Increases in central fat mass and decreases in peripheral fat mass are associated with accelerated arterial stiffening in healthy adults: the Amsterdam Growth and Health Longitudinal Study

F. Schouten, J.W. Twisk, M.R. de Boer, C.D.A. Stehouwer, E.H. Serne, Y.M. Smulders, I. Ferreira

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Background: Central fatness is associated with higher arterial stiffness, a mechanism that may explain adiposity-related increases in cardiovascular disease risk. In contrast, peripheral fat and lean masses may counteract such adverse effects, but evidence of this contention, as derived from longitudinal studies at the general population level, is lacking. Objective: The objective was to investigate the associations between changes in central (ie, trunk) fat mass, peripheral (ie, limbs) fat mass, and lean masses with changes in arterial stiffness. Design: A longitudinal study in 277 (145 women) healthy adults was conducted. Body composition (dual-energy X-ray absorptiometry) and arterial stiffness estimates (ultrasound imaging) were measured repeatedly at the ages of 36 and 42 y. Results: Changes (per 10 kg) in trunk fat mass were positively associated and changes in peripheral fat mass were inversely associated with carotid Young's elastic modulus (in 10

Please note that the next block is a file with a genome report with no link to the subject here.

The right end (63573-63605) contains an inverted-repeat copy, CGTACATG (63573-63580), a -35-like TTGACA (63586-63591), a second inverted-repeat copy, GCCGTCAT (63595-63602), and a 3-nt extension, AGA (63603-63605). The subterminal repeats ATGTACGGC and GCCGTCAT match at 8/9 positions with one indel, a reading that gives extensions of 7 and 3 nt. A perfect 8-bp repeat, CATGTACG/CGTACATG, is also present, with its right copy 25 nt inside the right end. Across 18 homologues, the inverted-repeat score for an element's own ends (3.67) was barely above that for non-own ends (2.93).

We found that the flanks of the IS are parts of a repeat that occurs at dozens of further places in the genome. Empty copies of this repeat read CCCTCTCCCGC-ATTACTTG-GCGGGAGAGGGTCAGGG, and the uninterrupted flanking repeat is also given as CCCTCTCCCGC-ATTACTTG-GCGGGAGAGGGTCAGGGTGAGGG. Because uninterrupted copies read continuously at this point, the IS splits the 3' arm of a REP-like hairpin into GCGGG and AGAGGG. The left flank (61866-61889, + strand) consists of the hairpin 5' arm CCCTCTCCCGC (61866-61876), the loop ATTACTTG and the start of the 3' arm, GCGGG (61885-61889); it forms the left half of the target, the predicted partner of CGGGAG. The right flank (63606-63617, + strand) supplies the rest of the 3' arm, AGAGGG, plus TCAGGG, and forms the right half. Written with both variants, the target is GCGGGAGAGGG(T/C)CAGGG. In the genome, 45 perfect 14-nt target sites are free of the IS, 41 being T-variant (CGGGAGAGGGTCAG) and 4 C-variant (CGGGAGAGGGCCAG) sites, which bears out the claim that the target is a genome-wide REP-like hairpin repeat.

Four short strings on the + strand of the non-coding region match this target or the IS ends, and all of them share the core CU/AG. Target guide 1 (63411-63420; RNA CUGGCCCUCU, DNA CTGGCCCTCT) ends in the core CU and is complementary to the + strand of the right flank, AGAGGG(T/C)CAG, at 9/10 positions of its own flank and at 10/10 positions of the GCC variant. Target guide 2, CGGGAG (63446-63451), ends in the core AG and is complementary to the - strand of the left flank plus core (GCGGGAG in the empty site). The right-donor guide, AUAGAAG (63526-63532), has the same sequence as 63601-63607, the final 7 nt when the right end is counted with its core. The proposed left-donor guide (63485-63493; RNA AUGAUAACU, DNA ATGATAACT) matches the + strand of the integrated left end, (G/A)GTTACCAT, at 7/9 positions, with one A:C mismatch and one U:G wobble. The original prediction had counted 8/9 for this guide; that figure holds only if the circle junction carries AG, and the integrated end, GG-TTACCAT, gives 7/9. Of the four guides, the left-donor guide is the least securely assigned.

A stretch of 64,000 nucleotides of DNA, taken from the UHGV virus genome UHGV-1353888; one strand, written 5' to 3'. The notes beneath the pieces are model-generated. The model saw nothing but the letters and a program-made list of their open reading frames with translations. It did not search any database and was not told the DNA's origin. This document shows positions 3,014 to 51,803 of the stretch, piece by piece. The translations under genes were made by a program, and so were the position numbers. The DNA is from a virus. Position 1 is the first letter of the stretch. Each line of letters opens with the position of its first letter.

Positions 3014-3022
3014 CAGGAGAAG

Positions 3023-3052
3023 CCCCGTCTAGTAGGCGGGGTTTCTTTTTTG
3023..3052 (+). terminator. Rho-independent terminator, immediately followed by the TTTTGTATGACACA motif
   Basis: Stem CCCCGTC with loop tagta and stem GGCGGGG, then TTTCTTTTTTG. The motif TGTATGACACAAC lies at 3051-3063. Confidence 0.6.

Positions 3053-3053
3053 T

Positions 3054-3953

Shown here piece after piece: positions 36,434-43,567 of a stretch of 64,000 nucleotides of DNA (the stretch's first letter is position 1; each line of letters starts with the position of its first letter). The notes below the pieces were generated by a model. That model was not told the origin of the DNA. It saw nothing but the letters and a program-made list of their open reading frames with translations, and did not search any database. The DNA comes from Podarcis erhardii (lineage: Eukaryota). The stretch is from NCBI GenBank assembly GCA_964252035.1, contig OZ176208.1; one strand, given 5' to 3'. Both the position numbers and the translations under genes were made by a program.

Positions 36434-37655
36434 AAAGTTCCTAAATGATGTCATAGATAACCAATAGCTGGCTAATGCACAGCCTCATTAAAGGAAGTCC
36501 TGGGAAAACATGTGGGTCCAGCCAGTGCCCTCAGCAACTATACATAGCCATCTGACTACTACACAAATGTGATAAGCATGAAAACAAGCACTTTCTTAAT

Original languageEnglish
Pages (from-to)40-48
JournalAmerican Journal of Clinical Nutrition
Issue number1
Publication statusPublished - 2011

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